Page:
Danzan Ryu Jujitsu
Danzan Ryu Jujitsu is a combination of many different fighting styles and techniques as well as oriental healing methods. Okazaki mastered Karate, Judo, Filipino knife fighting, the Hawaiian art of Lua, Kung Fu, French foot fighting, many schools of Jujitsu, and even American boxing and wrestling. In addition, Okazaki studied the healing arts of Kappo and Seifukujitsu and came up with his own unique healing form known as the Okazaki Restoration Massage.
For those who may be new to martial arts, each of the systems listed on the left represents a unique style of fighting. Jujitsu is one of the oldest forms of martial arts and tends to focus on escapes, grappling, and mat work. Judo is identified with various throws, pins, and joint locks. Karate is what most people tend to think of when they hear the words “martial arts” and it is an art of punching, kicking, and striking. Kung Fu is another of the oldest martial arts and is the birthplace of many of today’s arts. It uses a combination of punching, kicking, striking, takedowns, and weapons. Kendo is the art of the sword. Lua is a very rarely known martial art taught long ago in Hawaii. It is the art of life and death and was used against the enemies of some of the indigenous tribes before that enemy was consumed. Filipino knife fighting is, as it sounds, the art of using a knife. This is taught in both defensive and offensive capacities in Danzan Ryu.
The healing arts are an integral part of Danzan Ryu Jujitsu and are what sets it apart from other martial arts. Thus, training in them begins on the first day. The beginning student will learn how to perform the basic Okazaki restoration massage. This includes how to massage around the cervical and thoracic vertebrae, along with some basic acupressure points. As the student progresses through the ranks, he or she will learn different methods of massage for the back, how to massage the lumbar area, and how to recognize and correct spinal misalignments. Eventually, the student is taken through the Okazaki Long Life massage, which is a very powerful full body massage that stimulates all of the major meridians in the body.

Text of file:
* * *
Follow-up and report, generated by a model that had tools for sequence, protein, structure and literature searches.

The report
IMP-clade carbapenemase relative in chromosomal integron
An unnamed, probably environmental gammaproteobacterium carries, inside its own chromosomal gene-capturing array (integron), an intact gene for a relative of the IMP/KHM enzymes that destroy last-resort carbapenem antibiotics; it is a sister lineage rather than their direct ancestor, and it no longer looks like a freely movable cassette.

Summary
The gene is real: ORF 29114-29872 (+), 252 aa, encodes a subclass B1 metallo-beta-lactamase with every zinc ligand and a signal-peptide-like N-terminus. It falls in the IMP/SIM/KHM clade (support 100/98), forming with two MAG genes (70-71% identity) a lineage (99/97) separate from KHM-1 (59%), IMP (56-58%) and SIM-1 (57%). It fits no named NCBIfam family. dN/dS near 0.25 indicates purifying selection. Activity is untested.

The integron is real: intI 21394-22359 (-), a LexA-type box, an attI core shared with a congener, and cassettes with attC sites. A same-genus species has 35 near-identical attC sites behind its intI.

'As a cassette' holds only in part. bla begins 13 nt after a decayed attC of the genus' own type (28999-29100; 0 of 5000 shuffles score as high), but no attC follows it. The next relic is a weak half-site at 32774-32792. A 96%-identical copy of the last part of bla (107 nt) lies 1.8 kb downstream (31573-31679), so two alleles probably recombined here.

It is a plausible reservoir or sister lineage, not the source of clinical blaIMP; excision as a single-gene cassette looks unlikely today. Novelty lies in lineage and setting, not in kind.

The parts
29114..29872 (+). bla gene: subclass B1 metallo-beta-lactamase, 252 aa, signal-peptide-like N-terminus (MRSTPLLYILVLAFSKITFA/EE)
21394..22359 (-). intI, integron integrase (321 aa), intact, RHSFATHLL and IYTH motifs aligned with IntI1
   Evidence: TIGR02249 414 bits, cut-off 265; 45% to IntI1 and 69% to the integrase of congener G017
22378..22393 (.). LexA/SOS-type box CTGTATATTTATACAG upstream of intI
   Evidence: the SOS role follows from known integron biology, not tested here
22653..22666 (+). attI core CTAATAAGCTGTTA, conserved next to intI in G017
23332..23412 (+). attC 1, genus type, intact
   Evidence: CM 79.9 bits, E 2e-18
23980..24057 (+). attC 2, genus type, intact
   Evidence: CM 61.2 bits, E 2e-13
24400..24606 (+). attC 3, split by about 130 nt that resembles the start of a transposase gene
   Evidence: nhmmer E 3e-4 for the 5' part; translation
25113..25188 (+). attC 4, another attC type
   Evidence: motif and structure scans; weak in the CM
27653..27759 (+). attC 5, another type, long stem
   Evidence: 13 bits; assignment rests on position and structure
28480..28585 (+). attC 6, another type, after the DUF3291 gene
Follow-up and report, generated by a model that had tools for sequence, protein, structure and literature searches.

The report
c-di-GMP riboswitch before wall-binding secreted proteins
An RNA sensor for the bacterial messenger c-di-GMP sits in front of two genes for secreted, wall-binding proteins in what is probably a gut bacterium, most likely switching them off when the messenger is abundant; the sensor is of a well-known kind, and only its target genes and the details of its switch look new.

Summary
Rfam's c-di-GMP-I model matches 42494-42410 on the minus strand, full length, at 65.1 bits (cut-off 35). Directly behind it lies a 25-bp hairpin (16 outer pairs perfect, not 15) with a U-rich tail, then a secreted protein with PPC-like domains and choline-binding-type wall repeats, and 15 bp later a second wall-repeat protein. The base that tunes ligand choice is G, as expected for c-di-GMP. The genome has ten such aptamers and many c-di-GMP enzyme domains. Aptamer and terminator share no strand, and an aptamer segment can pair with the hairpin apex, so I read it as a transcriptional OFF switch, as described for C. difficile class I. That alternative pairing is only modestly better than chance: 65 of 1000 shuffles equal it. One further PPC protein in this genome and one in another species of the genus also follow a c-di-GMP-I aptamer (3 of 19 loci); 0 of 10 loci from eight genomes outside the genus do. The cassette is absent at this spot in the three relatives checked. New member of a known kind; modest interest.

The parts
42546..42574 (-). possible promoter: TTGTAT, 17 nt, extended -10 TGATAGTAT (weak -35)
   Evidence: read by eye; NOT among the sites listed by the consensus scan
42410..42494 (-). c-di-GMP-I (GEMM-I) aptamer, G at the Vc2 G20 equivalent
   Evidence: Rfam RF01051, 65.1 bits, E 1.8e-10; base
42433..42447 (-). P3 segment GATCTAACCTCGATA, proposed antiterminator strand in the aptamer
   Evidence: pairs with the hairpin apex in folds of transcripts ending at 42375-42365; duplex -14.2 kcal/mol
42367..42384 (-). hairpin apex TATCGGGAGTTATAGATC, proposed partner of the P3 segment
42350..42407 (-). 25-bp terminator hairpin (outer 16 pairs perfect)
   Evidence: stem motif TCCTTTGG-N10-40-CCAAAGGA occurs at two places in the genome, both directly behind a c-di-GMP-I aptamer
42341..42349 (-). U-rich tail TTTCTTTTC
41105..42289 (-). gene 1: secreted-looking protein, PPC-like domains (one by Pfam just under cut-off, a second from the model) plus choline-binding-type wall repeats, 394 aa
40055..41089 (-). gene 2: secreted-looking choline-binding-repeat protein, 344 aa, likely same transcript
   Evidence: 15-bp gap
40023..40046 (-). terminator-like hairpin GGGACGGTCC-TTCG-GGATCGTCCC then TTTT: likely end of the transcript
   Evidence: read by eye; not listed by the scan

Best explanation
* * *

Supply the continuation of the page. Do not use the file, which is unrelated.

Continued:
Okazaki was well known for his healing practices while he was in Hawaii and he had many celebrity patients—not the least of which was US President Franklin Delano Roosevelt as pictured Above.
How We Teach
Kodenkan is Okazaki's school meaning "the school of ancient tradition". That is, senior students are expected to give feely of their time by assisting the junior students in their training. This allows students to learn in small groups and establishes leadership qualities in the senior students.
A typical 2 hour class in Danzan Ryu begins with warm up exercises and stretching followed by practice with rolls and falls. The class is then broken into small groups to work on rank appropriate arts. The class may be regrouped as the evening progresses to practice forms (katas), karate or judo sparring, or for special techniques. New students are given special attention for the first few classes so as not to feel intimidated and also for the safety of themselves and others. After the physical work out, students lie down on the mat to practice massage. Any sore or tender spots are tended to by the senior ranks and sensei so that students may go home feeling rejuvenated.